We must ask ourselves, “What qualities matter most for a child trying to negotiate his way to a successful and autonomous adulthood? I recommend that you read this very interesting article by Paul Tough in the New York Times called: “What if the Secret to Success Is Failure?”. Tough teaches us that people whose paths to success are easy – those who, for instance, effortlessly earn 800s on their SAT’s – are the ones who can’t make it when faced with a difficult situation.

Tough reports that David Levin, the co-founder of the KIPP network of charter schools and the superintendent of the KIPP schools in New York City, discovered that “the students who persisted in college were not necessarily the ones who had excelled academically; they were the ones with exceptional character strengths, like optimism and persistence and social intelligence. They were the ones who were able to recover from a bad grade and resolve to do better next time; to bounce back from a fight with their parents; to resist the urge to go out to the movies and stay home and study instead; to persuade professors to give them extra help after class.”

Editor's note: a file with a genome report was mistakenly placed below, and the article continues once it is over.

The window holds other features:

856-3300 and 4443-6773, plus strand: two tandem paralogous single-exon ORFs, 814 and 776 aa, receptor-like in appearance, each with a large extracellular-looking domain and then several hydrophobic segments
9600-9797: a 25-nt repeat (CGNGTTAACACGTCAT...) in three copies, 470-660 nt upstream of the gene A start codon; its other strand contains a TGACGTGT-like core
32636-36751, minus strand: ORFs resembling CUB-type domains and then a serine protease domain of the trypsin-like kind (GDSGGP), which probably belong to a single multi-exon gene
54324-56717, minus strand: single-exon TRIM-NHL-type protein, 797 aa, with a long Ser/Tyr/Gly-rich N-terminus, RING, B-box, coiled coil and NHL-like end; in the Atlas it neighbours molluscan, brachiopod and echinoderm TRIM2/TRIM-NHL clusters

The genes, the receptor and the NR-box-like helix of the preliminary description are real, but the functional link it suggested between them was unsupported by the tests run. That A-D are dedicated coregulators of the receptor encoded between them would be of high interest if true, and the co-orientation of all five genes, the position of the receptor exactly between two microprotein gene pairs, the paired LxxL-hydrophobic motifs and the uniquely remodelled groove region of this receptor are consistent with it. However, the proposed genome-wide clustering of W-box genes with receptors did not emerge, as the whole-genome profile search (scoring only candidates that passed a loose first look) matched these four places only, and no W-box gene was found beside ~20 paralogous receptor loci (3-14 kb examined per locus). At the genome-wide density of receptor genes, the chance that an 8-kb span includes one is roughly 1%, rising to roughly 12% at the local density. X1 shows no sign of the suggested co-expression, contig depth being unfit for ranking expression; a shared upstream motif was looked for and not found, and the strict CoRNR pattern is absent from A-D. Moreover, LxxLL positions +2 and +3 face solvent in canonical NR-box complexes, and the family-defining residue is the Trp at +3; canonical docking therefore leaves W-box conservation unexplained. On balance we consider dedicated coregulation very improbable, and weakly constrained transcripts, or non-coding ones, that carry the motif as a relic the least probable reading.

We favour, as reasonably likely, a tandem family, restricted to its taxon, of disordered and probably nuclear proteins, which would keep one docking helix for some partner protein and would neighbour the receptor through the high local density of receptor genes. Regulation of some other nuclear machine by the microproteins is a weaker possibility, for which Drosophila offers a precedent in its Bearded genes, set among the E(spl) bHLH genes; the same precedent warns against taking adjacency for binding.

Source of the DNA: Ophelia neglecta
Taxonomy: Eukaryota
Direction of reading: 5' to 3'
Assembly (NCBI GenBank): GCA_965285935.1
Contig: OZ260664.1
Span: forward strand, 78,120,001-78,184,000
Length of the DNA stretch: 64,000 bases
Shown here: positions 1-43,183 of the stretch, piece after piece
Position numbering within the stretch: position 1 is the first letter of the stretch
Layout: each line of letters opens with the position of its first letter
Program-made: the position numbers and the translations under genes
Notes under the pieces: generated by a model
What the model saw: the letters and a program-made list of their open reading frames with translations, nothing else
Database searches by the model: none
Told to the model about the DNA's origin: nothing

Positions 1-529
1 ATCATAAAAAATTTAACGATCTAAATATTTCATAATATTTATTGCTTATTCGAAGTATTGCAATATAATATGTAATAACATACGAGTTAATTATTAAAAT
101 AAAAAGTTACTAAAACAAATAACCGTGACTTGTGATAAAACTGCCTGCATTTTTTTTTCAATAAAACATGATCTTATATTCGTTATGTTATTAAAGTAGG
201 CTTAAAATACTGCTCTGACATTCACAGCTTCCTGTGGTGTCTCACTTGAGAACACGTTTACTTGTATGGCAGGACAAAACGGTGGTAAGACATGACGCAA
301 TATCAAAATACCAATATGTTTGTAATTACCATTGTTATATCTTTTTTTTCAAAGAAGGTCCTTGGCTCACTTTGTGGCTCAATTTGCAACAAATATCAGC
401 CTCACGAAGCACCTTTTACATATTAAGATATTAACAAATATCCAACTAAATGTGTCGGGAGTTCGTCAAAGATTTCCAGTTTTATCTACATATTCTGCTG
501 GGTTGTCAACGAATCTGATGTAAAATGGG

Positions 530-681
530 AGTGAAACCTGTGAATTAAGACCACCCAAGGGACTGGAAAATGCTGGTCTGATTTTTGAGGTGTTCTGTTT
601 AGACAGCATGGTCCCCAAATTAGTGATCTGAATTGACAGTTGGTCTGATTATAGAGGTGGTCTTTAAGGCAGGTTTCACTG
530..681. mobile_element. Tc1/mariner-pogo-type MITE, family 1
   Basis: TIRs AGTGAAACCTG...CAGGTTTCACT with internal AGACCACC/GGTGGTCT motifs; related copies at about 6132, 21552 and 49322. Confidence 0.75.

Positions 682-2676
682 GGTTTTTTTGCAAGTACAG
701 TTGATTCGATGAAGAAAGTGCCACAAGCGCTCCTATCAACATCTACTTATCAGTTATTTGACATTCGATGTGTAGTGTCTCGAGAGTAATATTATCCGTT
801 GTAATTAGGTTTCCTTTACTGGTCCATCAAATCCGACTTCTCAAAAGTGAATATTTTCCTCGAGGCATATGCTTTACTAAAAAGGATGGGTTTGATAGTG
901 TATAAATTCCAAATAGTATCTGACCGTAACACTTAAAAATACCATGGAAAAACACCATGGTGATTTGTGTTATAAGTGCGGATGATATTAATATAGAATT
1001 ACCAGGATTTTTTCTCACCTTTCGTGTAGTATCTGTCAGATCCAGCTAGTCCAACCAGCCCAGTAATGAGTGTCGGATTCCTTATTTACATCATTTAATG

These character strengths appear to be a recipe for a successful and happy life.

“Not Yet” is a major ingredient in this recipe – a way of encouraging and gratifying effort, and enhancing optimism. Studies showed that the words “yet” or “not yet” give kids greater confidence, fuels greater persistence, and can change students’ mindsets.

We must not praise intelligence or talent, but praise the process that kids engage in: their effort, their strategies, their focus, their perseverance, and their improvement. Success and happiness are directly linked to resilience.

Angela Lee Duckworth, an American psychologist whose studies are clarifying the role that intellectual strengths and personality traits play in educational achievement, wrote: “Learning is hard. True, learning is fun, exhilarating and gratifying — but it is also often daunting, exhausting and sometimes discouraging. . . . To help chronically low-performing but intelligent students, educators and parents must first recognize that character is at least as important as intellect.”

Duckworth noticed that people who accomplished great things often combined a passion for a single mission with an unswerving dedication to achieve that mission, whatever the obstacles and however long it might take. She decided she needed to name this quality, and she chose the word “grit.”